|Maine House||District 10|
|Maine Senate||District 32|
|Area sq. mi.||(total) 23.9|
|Area sq. mi.||(land) 23.9|
Total=land+water; Land=land only
A town by the name of Arundel was incorporated on June 10, 1719 from an earlier settlement known as Cape Porpoise.
By 1821 the name Arundel disappeared as it was changed to Kennebunk Port on February 19th of that year.
Nearly a century later, on April 1st, 1915, a new town was created from Kennebunk Port to be known as North Kennebunkport. Its name was changed in 1957 to Arundel.
Thus, the “new” Arundel occupies a small portion of the town so named in 1719. But, just to complicate matters, a village in the current adjoining town of Kennebunkport, is known as Arundel!
Over the past four decades, the town has nearly tripled in population as the state’s population grew much more modestly. It is primarily residential with houses often in wooded areas.
There is no “downtown” or even a sizable village. Commercial strips along U.S. Route 1 provide the business locations.
Since 1751 the Perkins grist mill was a landmark in Arundel. It was built by Thomas Perkins and his sons, Eliphalet and Abner, on Long Creek, an estuary of the Kennebunk River. Eliphalet (the first miller), Abner and their brother James, who acquired part ownership of the mill, eventually deeded their shares to their sons, beginning a progression of ownership that kept the mill in the hands of their descendants for over 100 years.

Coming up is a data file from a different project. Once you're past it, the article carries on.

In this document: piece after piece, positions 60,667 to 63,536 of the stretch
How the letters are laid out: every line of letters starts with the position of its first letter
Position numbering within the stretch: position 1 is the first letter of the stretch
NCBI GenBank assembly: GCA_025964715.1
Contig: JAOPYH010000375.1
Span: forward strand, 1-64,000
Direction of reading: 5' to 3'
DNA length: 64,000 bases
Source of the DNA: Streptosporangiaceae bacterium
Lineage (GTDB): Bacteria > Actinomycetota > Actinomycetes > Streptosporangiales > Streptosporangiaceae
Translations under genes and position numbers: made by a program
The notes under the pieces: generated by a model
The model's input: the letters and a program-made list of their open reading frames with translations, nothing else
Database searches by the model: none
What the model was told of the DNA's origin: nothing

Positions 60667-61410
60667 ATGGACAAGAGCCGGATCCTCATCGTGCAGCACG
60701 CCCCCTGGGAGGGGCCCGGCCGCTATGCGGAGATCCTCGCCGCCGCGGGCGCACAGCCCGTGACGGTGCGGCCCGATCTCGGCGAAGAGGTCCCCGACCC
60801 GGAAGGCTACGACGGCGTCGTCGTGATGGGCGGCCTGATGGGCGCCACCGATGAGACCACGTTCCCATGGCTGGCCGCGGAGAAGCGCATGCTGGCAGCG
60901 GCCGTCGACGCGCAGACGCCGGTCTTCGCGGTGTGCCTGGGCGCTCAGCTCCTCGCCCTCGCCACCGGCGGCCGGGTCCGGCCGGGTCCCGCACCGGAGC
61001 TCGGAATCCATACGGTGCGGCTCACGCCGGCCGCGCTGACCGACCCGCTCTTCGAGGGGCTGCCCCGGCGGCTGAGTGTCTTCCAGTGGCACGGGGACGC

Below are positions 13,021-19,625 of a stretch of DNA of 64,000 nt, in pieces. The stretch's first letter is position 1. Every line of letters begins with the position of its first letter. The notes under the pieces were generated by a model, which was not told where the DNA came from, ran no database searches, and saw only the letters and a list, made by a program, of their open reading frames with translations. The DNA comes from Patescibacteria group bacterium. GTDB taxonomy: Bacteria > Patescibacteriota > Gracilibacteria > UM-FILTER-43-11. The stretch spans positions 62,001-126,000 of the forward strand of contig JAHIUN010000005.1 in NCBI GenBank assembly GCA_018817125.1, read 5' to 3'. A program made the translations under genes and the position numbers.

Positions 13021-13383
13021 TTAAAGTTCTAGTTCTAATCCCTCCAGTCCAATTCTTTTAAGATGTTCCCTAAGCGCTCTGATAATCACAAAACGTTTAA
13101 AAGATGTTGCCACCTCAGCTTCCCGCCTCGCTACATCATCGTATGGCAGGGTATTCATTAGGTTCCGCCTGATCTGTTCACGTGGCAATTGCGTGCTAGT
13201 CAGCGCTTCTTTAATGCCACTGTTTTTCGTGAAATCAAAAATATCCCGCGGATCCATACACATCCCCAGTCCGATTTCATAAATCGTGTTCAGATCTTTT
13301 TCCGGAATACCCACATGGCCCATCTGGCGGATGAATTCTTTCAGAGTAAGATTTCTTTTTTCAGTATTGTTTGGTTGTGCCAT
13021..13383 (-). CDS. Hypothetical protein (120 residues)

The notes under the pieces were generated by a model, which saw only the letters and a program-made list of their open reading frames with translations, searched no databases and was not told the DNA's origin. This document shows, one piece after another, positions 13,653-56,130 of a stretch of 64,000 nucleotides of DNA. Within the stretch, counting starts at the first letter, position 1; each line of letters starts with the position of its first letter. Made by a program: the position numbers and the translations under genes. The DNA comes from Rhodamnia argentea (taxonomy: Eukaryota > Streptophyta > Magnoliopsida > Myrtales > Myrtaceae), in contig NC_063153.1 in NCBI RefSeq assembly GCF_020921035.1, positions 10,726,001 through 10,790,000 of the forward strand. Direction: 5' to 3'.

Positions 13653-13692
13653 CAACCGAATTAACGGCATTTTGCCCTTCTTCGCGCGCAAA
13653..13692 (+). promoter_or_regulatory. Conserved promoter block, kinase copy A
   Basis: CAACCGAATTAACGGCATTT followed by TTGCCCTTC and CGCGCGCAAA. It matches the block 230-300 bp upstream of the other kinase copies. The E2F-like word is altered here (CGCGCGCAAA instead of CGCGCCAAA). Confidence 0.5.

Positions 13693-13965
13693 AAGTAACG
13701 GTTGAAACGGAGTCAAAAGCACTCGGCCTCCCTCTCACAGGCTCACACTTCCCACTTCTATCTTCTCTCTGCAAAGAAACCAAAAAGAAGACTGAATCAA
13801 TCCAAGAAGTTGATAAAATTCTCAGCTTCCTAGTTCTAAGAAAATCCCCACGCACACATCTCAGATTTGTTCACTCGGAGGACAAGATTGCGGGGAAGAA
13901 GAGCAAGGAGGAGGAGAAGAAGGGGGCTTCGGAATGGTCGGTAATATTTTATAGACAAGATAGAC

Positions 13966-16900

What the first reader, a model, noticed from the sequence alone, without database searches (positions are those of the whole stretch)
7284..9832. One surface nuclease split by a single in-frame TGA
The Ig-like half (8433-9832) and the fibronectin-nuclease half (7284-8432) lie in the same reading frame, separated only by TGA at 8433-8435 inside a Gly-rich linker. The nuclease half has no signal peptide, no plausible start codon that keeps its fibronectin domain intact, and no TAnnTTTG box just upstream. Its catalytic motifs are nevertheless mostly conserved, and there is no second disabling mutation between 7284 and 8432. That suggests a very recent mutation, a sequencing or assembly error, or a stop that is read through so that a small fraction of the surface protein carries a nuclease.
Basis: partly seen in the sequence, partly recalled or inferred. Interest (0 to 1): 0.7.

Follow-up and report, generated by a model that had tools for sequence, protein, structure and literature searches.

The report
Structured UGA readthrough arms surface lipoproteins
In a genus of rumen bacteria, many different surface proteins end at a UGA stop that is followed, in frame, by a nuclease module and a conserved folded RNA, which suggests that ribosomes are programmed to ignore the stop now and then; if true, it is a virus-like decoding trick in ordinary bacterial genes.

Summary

Kenneth Roberts’ historical novel Arundel recounts the early life of the area and influenced the reemergence of the name. A few remnants of that early life remain as farms and fields.
The Eastern Trail for cyclists and pedestrians passes through wooded areas of the town, and through neighboring towns of Wells, Kennebunk, Biddeford, Saco and Old Orchard Beach.
North Kennebunkport (Me.). Annual Report of the Municipal Officers of the Town of North Kennebunkport. North Kennebunkport, Me. The Town. 1917-1957. Special Collections, Fogler Library, University of Maine. Orono.
Perkins, Abner. Grist Mill Records, 1767-1796. “Records of a grist mill in Arundel, Maine in the late 18th century. The mill appeared to be owned by Abner Perkins. Included are accounts of the number of bushels milled and the cost.” Special Collections, Fogler Library, University of Maine. Orono.